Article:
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Exploring Measurement Outside of the Classroom

April 16, 2015 3 Comments
Happy hump day teacher friends!  I hope everyone is having a great week.  My first week back from break has been an interesting one.  I’m finding what’s working one minute for my kids might not keep my sweet littles engaged the next. As teachers we have to learn to adapt and roll with the punches and focus on what’s best for our students in that moment.  
Driving to work this morning, I was so excited to see the sun out and hoped that the weather would stay warm and inviting.  You can’t help but be in a better mood when the sun is shining and I was instantly excited to find a way to get my kids outside for some hands-on practice. I had read previously in Marcia Tate’s book, Worksheets Don’t Grow Dendrites, about the positive effects of learning outside and letting students explore.  I kew today would be a perfect day to put these words and theories into action!
Our current focus is measurement and while it’s been great being magicians of measurement, I wanted to encourage my students to take charge of their learning and take their exploration outside in the real world.  I swear some of my best teaching ideas come to me during my long morning commute, it’s a blessing in disguise!  I decided we were going to go on a student created measurement scavenger hunt…outside!

Over the winter, my school designed a beautiful outdoor classroom space for the students to use.  This was the perfect location for our measurement scavenger hunt intro.  We brought some simple supplies outside with us: 
1. Our binders for us to lean on while we investigate
2.  Pencils
3.  Plain construction paper (nothing fancy here folks for last minute lessons!)
4.  Our math tool kits that house our math manipulatives like connecting cubes
Once we were all gathered, I explain how this was going to work.  We would pair up with our “ketchup and mustard,” math partners and explore our outside classroom.  I told them we would take about five minutes to sketch and label eight things they found outside that could be measured.  They were asked to create their own scavenger hunt recording sheet.  But, there would be a catch!  They weren’t going to measure their OWN objects!  After we created our hunts, the partners were going to switch papers with a different pair and measure objects on THEIR recording sheets!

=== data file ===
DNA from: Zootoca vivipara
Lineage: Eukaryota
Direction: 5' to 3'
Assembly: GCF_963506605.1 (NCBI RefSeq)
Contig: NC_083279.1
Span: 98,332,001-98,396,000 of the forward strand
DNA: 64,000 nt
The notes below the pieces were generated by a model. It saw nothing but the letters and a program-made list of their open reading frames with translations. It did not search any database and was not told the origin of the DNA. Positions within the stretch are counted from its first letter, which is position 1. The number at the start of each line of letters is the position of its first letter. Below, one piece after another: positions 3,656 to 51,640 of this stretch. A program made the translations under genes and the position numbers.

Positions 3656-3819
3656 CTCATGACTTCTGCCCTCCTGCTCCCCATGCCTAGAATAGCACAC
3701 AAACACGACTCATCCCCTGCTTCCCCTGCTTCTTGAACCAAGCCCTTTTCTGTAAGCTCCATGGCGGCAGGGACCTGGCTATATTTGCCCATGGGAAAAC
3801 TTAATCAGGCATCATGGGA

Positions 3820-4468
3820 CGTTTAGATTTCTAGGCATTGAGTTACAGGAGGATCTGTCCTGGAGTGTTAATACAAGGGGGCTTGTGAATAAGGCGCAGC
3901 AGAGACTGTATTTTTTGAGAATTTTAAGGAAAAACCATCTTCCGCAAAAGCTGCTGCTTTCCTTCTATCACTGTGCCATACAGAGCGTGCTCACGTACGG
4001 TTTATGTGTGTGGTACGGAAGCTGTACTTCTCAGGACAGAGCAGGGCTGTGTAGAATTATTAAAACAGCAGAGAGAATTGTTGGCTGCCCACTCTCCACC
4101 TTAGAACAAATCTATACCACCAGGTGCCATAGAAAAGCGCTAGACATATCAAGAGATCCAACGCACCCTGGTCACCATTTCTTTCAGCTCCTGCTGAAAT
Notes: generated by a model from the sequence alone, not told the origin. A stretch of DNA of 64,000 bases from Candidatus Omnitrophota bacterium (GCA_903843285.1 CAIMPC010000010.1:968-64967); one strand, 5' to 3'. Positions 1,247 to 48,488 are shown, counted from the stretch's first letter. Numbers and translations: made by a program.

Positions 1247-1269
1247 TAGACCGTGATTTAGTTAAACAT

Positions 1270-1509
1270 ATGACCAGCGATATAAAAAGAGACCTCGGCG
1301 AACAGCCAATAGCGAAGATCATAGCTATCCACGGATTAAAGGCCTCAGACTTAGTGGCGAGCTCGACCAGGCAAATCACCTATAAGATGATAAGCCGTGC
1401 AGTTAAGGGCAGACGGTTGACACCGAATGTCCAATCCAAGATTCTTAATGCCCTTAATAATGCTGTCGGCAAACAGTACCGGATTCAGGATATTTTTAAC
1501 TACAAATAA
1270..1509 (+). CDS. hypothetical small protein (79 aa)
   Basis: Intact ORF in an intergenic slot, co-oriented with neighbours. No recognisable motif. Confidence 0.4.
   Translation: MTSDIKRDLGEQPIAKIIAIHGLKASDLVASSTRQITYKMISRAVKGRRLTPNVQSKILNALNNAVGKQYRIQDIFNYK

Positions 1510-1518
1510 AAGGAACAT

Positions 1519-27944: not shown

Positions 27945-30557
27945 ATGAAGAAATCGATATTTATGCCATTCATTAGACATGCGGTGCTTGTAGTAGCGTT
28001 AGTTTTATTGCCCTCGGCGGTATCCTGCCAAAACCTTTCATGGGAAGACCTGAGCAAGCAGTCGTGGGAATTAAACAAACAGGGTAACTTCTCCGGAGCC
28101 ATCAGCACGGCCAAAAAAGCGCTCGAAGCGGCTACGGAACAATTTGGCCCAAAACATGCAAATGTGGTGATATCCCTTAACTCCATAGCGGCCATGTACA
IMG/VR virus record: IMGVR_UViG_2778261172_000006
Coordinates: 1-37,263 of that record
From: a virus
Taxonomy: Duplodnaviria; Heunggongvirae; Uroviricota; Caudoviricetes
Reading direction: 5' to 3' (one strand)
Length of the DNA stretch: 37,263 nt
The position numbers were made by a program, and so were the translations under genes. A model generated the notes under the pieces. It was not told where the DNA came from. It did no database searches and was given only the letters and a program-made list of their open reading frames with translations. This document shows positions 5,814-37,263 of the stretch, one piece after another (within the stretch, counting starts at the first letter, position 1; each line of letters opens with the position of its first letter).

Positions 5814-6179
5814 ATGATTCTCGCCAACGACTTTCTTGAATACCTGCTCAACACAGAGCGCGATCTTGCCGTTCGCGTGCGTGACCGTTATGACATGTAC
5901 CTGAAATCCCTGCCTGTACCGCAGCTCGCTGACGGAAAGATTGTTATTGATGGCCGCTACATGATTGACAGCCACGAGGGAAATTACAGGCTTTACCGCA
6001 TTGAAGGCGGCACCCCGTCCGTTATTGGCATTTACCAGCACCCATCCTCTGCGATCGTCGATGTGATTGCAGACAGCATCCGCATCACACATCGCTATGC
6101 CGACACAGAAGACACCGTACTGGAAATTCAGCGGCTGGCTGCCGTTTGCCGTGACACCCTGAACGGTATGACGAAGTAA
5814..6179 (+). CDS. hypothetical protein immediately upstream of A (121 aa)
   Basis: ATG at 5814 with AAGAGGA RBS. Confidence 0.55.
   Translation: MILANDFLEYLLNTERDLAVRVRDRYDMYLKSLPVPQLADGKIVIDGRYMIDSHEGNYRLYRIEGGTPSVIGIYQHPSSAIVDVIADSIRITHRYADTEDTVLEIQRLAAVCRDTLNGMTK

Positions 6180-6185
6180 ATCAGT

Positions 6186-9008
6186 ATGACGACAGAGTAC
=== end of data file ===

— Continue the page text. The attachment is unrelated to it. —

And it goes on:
They were so excited when they realized that they were going to be creating scavenger hunts for their unknown participants.  The partner groups walked around outside and created their scavenger hunts.  My firsties were very creative!  They wanted their classmates to measure someone’s foot, a brick along the school, the stone steps, leaves they found, rocks, plants, twigs, a door frame, and a door handle!
After our initial planning and sketching out our recording sheets, we had pairs team up and switch sheets.  Then, it was time to get to work!  One partner (mustard) was asked to estimate how many cubes long they thought the object on their scavenger hunt would be.  Then the second partner (ketchup) would get out their cubes and measure the object.  Both partners recorded their measurements and switched roles at the next object.
My math partners work together every day so they have a solid understanding of how to work together cooperatively and switch roles when it’s time.  

My students did an AWESOME job hunting around outside and using their scavenger hunt pictures to estimate and measure objects found outside.  They worked so nicely together and were excited from the moment we began!

I love the student created drawings and labels.  It shows that my students not only were engaged in their learning but took ownership of their own experience!

I couldn’t say no to helping out with some of my students’ scavenger hunts!  My foot was a popular destination to get measured!

One of my favorite moments came when these two sweeties were trying to measure the length of the door frame for their recording sheet.  A few of my littles decided to assist them without being asked and it turned into a group project!  I loved seeing them naturally work together for a common goal without any teacher support or encouragement.  They really shined!

Was the math class chaotic?  Absolutely.  Were my kids loud?  You bet.  But the authentic learning that took place was worth every loud crazy moment!  One of my sweet boys actually said, “Mrs. Yannuzzi this is more fun than recess!!”  I don’t know how you can compete with recess but I’ll take it!
This was such a simple, low-prep, high engagement activity that I hope to replicate with different concepts in the future.  Math is not a worksheet and any opportunity I can find to give my students real-life experience out in the world to apply their skills I will gladly take on!
I hope after reading this you’re encouraged to get your kids outside and give them some real-life experiences with their learning!  I hope you all have a great rest of the week, thanks for stopping by!


  • deeps April 16, 2015 at 3:19 am

    naturally creative teaching

  • MyDayinK April 18, 2015 at 1:33 pm

    This comment has been removed by the author.

  • Erica April 19, 2015 at 5:38 pm

    Your week looks like so much fun! Our class enjoyed Pop See Ko too! Love GoNoodle!!
    One Lucky Teacher

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    Hi! I’m Jayme! A former elementary teacher turned stay at home mom sharing toddler activities, mom tips, and educational resources to help you learn and play with your children. I believe in the power of PLAY and creating meaningful activities for you and your little ones to enjoy together.

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